'Pour la première fois je suivis à cheval la chasse du cerf. Je n'avois chassé à Genlis que le sanglier; la chasse du cerf me parut charmante, pareequ'on admiroit beaucoup la manière dont je montois à cheval.'

'Madame de P. vouloit me montrer dans le château du Vaudreuil, où l'on aimoit les talens et les fêtes.'

'Tous mes premiers mouvemens et mes sentimens ont toujours été généreux et bons.*

D D 4 'Je

'Je m'y donnai (i. e. in a comedy she had written) uA rôle très brillant, dans lequel je chantois, je dansois, je jouois du clavecin, de la harpe, de la guitarre, de la musette, du tympanon, et de la vielle.''Comme M. de Clermont avoit beaucoup vanté ma harpe, et que cet instrument n'étoit point connu en Italie, la reine (of Naples) eut la plus grande envie de m'entendre .... elle fut si enthousiasmée que dans un de ses transports elle me baisa la main.'

After a conversation with the Duke of Orleans, she says,'Enfin je m'arrêtai pour recevoir des coruplimens sur mon éloquence.'

i Le tems que j'ai passé au Palais-Royal fut le plus brillant, et le plus malheureux de ma vie. J'étois dans tout l'éclat de mes talens, et à cet âge où l'on joint à la fraîcheur et aux graces de la jeunesse, tout l'agrément que peut donner l'usage du monde. J'étois admirée, louée, flattée, recherchée,' &c.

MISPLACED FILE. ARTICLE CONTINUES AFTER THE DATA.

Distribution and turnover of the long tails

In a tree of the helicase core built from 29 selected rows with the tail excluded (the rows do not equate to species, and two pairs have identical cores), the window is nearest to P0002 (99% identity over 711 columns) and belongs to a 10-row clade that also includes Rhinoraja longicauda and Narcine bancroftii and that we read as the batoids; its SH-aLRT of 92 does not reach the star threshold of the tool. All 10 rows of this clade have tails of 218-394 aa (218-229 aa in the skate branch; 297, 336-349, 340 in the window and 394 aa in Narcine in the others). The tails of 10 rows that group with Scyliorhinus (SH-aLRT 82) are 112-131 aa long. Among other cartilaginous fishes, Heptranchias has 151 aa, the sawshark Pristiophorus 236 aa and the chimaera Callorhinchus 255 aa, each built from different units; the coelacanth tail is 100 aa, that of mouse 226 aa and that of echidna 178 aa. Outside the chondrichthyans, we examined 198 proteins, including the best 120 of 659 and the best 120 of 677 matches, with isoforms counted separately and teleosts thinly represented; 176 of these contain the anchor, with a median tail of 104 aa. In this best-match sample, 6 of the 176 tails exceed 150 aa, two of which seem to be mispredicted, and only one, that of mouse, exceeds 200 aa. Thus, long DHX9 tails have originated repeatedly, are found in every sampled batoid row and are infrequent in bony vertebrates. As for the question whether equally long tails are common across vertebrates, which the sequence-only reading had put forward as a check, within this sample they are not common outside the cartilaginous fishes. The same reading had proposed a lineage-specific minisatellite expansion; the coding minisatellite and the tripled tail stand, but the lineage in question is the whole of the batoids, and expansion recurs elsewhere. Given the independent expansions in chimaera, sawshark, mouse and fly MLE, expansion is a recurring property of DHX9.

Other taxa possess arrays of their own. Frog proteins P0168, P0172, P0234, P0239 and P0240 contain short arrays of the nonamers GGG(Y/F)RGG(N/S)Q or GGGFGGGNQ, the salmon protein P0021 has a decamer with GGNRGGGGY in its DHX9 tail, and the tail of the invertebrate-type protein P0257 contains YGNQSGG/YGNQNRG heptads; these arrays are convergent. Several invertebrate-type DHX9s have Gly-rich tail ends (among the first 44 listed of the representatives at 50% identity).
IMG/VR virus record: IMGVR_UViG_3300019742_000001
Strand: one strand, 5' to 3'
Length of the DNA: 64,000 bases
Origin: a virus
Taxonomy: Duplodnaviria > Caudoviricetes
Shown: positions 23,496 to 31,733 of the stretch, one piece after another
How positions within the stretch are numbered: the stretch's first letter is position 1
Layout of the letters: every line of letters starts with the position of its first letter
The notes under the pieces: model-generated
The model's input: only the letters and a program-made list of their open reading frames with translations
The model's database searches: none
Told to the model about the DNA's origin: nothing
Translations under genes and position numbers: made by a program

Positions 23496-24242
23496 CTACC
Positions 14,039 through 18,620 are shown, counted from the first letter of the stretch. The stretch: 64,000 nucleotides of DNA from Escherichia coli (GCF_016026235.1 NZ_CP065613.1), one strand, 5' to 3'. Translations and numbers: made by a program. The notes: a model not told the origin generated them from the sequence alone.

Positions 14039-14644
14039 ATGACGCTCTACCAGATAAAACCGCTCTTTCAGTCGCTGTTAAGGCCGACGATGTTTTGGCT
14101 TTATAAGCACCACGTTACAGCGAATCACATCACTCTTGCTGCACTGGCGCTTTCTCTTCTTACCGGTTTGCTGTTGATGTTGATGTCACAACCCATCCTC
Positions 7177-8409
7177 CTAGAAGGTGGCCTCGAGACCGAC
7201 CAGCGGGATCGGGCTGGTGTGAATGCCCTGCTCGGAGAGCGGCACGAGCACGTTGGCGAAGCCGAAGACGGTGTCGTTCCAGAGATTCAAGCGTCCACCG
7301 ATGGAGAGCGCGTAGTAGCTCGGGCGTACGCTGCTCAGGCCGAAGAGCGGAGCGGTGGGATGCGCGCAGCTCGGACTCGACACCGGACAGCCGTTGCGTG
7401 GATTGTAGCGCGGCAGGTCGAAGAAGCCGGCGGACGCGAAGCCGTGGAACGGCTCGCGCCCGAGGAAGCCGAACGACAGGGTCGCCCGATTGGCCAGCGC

While governess in the Orleans family she and a friend went both disguised as cooks, to 'la plus belle guinguette des Porcherons.' Her friend, she says, did not look well in her dress: 'tandis que moi, au contraire, je ne perdis rien de ce que mon visage pouvoit avoir d'élégant et de distingué; et j'étois même plus remarquable qu'avec un bel habit.'

Two persons at this time became enamoured of her, and declared their passion. One of them was La Harpe, the author, who inscribed upon her bust, as she relates:'Elle a tout le charme des petites choses, et tout le sublime des grandes."

She studied many of the manual arts along with her pupils: 'J'ai fait avec eux une énorme quantité de portefeuilles de maroquin, aussi bien fait que ceux d'Angleterre; le métier de vannier où j'ai excellé; des lacets, des rubans, de la gaze, du cartonnage, des plans en relief, des fleurs artificielles, des grillages de bibliothèque en laiton, du papier marbré, la dorure sur bois, tous les ouvrages imaginables en cheveux, jusqu'aux perruques.'

Mademoiselle d'Orléans had the measles at Mons.'Je connoissois/ she says, 'parfaitement le traitement de cette maladie, et je fus plus utile que le médecin.'

She charmed, by her harp, the grandmotherofM.de Genlis, aged 87, who immediately told her that she preferred her to all her other granddaughters; yet one of these 'étoit jolie comme un ange, et charmante par ses manières, sa douceur et son caractère.'